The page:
Now FEMA was supposed to morph into the new department's Emergency Preparedness and Response directorate. FEMA's director would be the directorate's undersecretary and would shed his FEMA title once FEMA vanished.
But that was Mike Brown's job. And he had different plans.
Brown was a political operative before he was a horse specialist, staffing a committee in the Oklahoma legislature and chairing the Oklahoma Municipal Power Authority. And after two years working for Allbaugh as general counsel and then deputy director, Brown thought he understood Washington well enough to know that if FEMA lost its unique identity -- its "brand" -- it would lose its power. At his swearing-in in February 2003, days before the official birth of DHS, he vowed to fight to make sure that FEMA remained FEMA.
But Ridge and his aides were eager to create a unified DHS brand that would signify the integration of its assorted parts. Congress had prohibited them from tinkering with the Coast Guard or the Secret Service, but FEMA was fair game, and they saw Brown's resistance to a name change as part of a larger resistance to integration within DHS. Lawlor, Ridge's chief of staff, said he resented all the time he wasted on Brown's "guerrilla warfare."
"He fought being part of DHS from Day One," another top DHS official recalled.
Brown got his way on the name; Ridge and his brand-conscious aides had to admit that "FEMA" sounded better than "EP&R." But when Brown sent a memo urging Ridge to defy Congress and move the ODP into FEMA, Ridge refused.
Brown further alienated Ridge's team when he argued that DHS did not need an emergency operations center at its headquarters because FEMA already had one. DHS built its own command center anyway, with Coast Guard officers in charge. "Everybody wanted a toy," Brown grumbled. "Fancy screens and all that kind of stuff."
Brown was the only undersecretary who did not work at DHS headquarters, and he wanted to keep it that way. "There was so much spinning of wheels," he said. "The meetings just drove me nuts."
But Ridge's team saw only that Brown cared more about FEMA than about DHS. "We started from the notion that we're always going to be looking for ways to bring things together," Neely said. "Anybody from the leadership team who embraced that notion was part of the inner circle."
So Brown was frozen out.
Ridge ultimately did decide to move the ODP and its preparedness grants -- but not to FEMA, as Brown had proposed. Instead, Ridge moved the ODP into his own office -- and began moving FEMA's preparedness grants into the ODP. He agreed with Brown's argument that there ought to be a "one-stop shop" for grants, just not that the shop belonged in FEMA.
That's when Brown wrote his September memo to Ridge. He emphasized that the White House originally intended to put the ODP into FEMA, even though its latest budget endorsed Ridge's new plan. He also argued that it would help Ridge thumb his nose at Congress, in order to set a precedent for future clashes .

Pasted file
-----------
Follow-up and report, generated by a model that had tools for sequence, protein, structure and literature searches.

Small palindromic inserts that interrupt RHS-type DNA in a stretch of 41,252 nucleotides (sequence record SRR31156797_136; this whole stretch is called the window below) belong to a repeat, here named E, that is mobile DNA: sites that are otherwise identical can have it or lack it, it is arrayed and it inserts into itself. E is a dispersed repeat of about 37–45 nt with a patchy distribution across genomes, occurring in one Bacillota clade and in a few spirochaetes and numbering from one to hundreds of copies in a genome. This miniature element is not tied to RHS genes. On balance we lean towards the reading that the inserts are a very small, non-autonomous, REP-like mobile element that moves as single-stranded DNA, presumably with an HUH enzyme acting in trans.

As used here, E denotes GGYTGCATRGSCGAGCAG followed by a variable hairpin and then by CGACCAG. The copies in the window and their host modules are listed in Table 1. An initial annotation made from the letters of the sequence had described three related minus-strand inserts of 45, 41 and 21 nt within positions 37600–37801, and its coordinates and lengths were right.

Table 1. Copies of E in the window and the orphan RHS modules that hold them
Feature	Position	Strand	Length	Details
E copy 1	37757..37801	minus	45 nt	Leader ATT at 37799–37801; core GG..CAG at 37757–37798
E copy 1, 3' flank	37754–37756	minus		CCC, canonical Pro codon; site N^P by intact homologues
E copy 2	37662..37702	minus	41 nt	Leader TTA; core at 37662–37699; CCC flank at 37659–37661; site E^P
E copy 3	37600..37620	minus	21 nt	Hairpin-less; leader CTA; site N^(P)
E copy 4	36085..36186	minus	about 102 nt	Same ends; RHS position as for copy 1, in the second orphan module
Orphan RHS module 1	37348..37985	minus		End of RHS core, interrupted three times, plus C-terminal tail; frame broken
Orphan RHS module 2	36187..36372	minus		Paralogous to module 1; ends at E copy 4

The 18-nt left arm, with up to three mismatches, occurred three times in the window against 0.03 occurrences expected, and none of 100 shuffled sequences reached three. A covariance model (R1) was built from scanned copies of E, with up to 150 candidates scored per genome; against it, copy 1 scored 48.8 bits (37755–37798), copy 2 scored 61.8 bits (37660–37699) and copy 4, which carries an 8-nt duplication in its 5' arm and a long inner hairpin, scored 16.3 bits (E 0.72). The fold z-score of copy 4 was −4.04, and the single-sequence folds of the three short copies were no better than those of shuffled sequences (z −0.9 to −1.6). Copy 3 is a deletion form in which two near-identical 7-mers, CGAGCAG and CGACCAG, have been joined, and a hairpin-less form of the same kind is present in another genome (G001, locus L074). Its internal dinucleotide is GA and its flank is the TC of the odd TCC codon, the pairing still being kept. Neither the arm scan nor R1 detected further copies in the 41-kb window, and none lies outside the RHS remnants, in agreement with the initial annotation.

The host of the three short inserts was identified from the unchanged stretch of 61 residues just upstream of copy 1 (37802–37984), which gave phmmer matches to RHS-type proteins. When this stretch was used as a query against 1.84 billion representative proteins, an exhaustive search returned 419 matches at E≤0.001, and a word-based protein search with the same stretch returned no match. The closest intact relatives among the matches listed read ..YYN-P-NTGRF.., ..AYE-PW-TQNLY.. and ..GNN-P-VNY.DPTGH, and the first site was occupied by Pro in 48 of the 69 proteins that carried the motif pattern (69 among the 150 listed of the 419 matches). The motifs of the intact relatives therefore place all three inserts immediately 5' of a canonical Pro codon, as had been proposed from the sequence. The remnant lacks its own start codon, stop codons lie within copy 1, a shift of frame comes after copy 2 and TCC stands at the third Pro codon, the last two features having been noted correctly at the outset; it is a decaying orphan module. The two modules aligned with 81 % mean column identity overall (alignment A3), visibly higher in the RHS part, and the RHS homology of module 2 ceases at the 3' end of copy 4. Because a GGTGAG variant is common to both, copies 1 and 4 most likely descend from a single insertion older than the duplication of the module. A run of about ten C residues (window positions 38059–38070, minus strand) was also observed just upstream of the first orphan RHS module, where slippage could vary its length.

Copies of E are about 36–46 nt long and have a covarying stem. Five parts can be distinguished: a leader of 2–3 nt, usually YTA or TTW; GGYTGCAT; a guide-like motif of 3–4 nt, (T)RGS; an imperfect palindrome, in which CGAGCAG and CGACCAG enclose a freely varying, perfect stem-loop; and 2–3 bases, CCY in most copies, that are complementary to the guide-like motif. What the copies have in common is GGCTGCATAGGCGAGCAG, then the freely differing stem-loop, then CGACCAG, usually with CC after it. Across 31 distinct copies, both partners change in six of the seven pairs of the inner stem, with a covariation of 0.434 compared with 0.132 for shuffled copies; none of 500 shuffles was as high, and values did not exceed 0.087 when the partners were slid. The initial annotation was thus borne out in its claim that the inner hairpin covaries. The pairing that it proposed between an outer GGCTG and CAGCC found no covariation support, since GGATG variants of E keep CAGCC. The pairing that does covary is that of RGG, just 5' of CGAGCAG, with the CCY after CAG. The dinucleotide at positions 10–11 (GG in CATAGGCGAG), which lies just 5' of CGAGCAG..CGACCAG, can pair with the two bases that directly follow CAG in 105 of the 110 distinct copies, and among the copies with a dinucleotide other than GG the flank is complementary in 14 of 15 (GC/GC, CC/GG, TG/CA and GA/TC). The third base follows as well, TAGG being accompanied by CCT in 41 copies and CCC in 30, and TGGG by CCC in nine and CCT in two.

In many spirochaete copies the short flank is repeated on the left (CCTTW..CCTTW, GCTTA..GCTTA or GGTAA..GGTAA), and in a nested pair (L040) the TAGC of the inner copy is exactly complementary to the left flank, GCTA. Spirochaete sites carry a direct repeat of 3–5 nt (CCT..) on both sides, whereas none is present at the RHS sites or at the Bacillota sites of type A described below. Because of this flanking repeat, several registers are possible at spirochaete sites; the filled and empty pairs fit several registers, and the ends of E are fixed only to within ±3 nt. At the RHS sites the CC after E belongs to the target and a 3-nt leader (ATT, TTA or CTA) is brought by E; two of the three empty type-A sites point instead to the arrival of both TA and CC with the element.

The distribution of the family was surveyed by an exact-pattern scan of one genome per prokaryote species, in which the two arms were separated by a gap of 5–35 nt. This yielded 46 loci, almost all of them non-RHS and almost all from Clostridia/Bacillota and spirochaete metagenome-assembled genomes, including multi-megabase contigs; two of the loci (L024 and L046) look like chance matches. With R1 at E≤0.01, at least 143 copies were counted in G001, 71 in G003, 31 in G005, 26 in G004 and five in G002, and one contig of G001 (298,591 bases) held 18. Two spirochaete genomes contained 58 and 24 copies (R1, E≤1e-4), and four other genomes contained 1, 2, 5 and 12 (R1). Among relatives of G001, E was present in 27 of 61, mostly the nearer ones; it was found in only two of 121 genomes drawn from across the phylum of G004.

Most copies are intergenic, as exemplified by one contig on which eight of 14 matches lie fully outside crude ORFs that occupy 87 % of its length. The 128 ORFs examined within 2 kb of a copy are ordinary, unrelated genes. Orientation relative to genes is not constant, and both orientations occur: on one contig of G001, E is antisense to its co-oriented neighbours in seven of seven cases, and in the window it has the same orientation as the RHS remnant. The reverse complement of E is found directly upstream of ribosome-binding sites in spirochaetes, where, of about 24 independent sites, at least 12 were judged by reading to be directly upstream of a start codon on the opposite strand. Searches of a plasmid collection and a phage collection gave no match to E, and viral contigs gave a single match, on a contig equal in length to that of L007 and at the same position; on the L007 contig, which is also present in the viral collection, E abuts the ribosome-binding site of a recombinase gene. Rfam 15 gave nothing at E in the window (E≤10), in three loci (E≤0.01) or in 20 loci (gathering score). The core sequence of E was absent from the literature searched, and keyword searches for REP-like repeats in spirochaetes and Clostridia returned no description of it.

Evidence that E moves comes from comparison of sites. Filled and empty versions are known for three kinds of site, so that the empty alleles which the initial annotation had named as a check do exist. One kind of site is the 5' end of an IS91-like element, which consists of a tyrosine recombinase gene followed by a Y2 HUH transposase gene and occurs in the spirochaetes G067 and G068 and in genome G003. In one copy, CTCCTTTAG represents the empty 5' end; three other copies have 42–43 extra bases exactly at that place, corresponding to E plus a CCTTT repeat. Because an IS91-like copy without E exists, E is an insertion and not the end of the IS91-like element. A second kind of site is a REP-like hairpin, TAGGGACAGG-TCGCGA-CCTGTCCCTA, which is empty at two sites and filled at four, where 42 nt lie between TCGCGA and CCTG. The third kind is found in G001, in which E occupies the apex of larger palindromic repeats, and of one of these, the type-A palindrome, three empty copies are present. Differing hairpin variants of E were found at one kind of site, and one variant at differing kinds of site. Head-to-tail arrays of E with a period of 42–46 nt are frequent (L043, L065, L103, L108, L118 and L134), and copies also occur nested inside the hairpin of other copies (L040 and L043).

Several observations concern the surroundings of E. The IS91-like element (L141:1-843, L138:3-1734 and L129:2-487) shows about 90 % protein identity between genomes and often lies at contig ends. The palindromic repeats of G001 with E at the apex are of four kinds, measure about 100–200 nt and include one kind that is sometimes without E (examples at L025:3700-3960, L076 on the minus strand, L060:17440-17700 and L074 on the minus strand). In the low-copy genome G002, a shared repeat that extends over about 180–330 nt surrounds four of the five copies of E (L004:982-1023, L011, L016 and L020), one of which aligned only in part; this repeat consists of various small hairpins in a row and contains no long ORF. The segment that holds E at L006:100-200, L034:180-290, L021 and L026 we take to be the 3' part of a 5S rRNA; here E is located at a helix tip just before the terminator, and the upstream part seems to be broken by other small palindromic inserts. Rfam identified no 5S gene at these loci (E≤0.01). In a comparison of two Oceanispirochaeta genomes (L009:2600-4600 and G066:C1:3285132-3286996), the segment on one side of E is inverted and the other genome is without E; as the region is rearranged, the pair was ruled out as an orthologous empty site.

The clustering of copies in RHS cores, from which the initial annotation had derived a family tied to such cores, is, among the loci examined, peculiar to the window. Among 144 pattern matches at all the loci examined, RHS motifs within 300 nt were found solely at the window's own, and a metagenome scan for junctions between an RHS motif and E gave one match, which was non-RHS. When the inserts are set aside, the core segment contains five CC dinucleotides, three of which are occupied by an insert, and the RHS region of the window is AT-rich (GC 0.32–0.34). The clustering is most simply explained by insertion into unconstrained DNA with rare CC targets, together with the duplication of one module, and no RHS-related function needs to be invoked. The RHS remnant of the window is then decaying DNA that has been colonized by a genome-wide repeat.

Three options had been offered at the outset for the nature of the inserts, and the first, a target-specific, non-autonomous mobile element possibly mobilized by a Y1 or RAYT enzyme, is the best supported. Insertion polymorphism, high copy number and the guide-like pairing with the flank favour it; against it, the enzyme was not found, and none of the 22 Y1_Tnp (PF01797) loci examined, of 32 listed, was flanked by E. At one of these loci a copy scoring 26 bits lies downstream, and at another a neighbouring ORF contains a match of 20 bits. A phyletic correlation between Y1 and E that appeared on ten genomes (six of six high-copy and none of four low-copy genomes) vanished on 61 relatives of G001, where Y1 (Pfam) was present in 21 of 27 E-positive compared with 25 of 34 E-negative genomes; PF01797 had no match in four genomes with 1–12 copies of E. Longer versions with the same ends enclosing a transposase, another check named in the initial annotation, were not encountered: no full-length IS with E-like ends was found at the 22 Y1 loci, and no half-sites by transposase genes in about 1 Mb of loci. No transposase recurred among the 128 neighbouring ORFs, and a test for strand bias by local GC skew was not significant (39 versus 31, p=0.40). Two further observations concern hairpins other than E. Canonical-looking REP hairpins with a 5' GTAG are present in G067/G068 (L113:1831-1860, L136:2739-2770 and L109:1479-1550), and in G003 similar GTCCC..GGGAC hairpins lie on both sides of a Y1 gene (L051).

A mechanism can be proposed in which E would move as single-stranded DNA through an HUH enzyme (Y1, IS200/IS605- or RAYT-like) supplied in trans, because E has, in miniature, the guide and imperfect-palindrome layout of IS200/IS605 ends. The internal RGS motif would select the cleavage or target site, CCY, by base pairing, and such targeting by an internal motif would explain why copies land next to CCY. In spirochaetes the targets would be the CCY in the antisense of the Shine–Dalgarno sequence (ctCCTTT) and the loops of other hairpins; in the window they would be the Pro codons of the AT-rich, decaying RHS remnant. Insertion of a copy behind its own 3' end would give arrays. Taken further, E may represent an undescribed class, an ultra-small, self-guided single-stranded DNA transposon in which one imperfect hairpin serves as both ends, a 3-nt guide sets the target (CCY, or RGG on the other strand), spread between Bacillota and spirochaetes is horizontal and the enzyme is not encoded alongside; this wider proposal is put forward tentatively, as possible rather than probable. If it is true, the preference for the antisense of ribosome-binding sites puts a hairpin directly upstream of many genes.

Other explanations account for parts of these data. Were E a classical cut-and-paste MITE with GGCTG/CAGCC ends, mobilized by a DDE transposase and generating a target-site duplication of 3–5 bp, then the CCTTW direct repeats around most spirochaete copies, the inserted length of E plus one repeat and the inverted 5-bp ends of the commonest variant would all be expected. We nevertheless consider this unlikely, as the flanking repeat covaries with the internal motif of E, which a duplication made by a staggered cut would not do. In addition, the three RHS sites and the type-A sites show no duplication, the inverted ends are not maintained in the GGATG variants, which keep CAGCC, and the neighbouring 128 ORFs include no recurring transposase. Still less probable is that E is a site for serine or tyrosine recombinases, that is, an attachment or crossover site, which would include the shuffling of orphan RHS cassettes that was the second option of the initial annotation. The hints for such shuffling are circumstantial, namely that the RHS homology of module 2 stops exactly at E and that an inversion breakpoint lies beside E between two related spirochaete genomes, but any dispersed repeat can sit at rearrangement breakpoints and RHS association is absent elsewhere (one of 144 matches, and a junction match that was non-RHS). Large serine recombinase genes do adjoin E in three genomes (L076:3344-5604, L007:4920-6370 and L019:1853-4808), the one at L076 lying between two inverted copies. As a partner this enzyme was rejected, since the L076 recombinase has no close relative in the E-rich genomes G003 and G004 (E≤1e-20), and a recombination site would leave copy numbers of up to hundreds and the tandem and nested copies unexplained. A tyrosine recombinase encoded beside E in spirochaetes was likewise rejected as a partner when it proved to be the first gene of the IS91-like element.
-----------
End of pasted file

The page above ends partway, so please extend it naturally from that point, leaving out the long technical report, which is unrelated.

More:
But mostly he aired the substantive concerns of FEMA's staff members, who worried that Ridge's plan would separate emergency preparedness from response and endanger their relationships with first responders. At the state and local level, he noted, the people responsible for responding to disasters were the same people responsible for preparing for them.
"FEMA learned the hard way that disjointed efforts between preparedness and response create significant problems in effectively managing disasters," he wrote.
Brown insisted that "my sole motivation regarding these topics is to ensure that you have the benefit of all perspectives," and he pledged that regardless of Ridge's decisions, "the dedicated employees of EP&R/FEMA will work diligently to implement them." But when Ridge continued to balk, Brown appealed again to his White House contacts, especially Deputy Chief of Staff Joseph W. Hagin and personnel chief Clay Johnson III.
‘I always lost’
The White House often took the side of rival departments against Ridge, but it took Ridge's side against Brown. Eventually, Johnson told Brown to back off.
"At the end of the day, I always lost," Brown said.
Soon the ODP minnow began to swallow the FEMA whale. First, much of Allbaugh's new preparedness office moved to the ODP. It was followed by FEMA's grant program for fire departments, then a terrorism training program for local emergency managers, then a series of additional grants.
ODP then merged with an Office of State and Local Government Coordination that Ridge had created. And when the department was tasked with creating a "National Preparedness Goal" to focus attention on likely disaster scenarios, Ridge assigned the job to the bulked-up new office. Meanwhile, morale plummeted at FEMA; in one survey of large agencies, it ranked last in worker satisfaction. Senior career staff members left in droves.